|Combined, short-term exposure to reduced seawater pH and elevated temperature induces community shifts in an intertidal meiobenthic assemblage|Mevenkamp, L.; Ong, E.Z.; Van Colen, C.; Vanreusel, A.; Guilini, K. (2018). Combined, short-term exposure to reduced seawater pH and elevated temperature induces community shifts in an intertidal meiobenthic assemblage. Mar. Environ. Res. 133: 32-44. https://dx.doi.org/10.1016/j.marenvres.2017.11.002
Population functions > Mortality
Nematoda [WoRMS]; Platyhelminthes [WoRMS]
Marien/Kust; Brak water
Warming; Ocean acidification; Nematodes; Biotic interactions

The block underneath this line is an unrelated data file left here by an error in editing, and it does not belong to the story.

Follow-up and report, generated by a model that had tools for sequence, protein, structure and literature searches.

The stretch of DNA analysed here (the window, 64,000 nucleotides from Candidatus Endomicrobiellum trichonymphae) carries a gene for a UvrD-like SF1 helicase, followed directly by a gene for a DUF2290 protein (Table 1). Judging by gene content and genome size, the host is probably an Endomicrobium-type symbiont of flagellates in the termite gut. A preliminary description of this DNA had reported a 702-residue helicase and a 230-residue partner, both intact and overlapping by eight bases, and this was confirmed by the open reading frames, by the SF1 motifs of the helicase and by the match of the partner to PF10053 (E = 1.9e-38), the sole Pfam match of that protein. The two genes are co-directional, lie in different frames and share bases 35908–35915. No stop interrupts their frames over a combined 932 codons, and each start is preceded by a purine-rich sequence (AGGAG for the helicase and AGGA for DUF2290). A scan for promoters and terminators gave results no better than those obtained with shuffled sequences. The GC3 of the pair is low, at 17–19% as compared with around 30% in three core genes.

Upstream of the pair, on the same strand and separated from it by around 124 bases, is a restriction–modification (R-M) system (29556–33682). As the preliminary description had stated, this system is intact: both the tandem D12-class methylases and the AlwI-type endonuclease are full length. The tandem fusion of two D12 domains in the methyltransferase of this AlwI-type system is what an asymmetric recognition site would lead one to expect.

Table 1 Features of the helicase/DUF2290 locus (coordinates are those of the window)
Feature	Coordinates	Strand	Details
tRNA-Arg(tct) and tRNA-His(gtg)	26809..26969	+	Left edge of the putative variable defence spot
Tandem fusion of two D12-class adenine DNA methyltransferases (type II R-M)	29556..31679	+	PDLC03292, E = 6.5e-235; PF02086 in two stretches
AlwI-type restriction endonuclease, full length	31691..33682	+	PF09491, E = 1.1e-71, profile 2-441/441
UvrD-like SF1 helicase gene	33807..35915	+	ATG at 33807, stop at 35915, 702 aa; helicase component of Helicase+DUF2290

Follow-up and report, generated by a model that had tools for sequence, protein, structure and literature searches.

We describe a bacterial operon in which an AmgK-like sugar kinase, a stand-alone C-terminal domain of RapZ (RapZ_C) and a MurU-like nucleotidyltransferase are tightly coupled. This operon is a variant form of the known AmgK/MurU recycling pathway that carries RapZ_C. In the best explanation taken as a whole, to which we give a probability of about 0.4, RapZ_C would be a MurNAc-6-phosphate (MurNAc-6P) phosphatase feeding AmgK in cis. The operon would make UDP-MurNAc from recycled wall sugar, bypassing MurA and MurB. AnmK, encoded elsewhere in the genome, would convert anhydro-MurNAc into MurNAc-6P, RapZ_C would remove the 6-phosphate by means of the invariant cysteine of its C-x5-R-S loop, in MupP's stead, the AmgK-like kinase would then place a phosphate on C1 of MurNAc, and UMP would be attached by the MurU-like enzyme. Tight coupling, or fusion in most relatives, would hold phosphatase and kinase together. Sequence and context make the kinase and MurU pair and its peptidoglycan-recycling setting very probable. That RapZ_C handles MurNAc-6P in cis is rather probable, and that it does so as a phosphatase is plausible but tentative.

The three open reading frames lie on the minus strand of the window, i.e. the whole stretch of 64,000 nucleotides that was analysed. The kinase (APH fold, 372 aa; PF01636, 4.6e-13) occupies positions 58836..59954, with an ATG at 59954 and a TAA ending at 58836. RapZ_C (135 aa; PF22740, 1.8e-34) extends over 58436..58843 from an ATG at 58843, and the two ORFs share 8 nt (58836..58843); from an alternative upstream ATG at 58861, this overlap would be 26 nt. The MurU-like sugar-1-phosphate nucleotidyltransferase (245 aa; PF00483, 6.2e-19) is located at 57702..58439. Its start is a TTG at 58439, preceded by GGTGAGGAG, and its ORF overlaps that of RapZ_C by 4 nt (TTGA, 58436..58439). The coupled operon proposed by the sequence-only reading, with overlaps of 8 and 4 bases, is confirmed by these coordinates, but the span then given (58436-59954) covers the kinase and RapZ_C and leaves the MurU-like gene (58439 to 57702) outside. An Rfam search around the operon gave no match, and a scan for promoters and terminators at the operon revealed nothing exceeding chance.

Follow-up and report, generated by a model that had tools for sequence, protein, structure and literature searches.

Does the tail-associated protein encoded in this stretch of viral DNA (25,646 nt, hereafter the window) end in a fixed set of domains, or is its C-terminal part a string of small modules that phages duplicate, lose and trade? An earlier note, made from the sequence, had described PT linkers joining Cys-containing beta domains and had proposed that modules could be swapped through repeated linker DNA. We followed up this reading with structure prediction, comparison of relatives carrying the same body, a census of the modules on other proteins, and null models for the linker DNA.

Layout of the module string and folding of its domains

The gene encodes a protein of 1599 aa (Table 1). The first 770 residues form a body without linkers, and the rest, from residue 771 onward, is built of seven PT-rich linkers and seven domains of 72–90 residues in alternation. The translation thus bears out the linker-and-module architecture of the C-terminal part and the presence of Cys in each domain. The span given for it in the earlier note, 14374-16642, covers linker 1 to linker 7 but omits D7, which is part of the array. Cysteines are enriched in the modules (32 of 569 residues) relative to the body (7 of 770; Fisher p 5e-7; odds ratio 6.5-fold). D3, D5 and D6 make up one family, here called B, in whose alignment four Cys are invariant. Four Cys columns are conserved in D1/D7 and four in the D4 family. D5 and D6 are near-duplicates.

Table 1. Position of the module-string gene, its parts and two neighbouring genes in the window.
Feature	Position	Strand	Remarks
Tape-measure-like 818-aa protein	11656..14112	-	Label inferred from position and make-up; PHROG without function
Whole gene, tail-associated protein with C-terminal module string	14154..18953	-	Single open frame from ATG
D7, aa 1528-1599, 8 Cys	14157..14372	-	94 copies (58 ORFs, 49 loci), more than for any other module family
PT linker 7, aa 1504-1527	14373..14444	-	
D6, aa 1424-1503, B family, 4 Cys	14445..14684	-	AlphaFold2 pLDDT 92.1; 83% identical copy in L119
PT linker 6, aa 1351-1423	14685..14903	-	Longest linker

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In future global change scenarios the surface ocean will experience continuous acidification and rising temperatures. While effects of both stressors on marine, benthic communities are fairly well studied, consequences of the interaction of both factors remain largely unknown. We performed a short-term microcosm experiment exposing a soft-bottom community from an intertidal flat in the Westerscheldt estuary to two levels of seawater pH (ambient pHT = 7.9, reduced pHT = 7.5) and temperature (10 °C ambient and 13 °C elevated temperature) in a crossed design. After 8 weeks, meiobenthic community structure and nematode staining ratios, as a proxy for mortality, were compared between treatments and structural changes were related to the prevailing abiotic conditions in the respective treatments (pore water pHT, sediment grain size, total organic matter content, total organic carbon and nitrogen content, phytopigment concentrations and carbonate concentration). Pore water pHT profiles were significantly altered by pH and temperature manipulations and the combination of elevated temperature and reduced pH intensified the already more acidic porewater below the oxic zone. Meiofauna community composition was significantly affected by the combination of reduced pH and elevated temperature resulting in increased densities of predatory Platyhelminthes, reduced densities of Copepoda and Nauplii and complete absence of Gastrotricha compared to the experimental control. Furthermore, nematode staining ratio was elevated when seawater pH was reduced pointing towards reduced degradation rates of dead nematode bodies. The observed synergistic interactions of pH and temperature on meiobenthic communities and abiotic sediment characteristics underline the importance of multistressor experiments when addressing impacts of global change on the marine environment.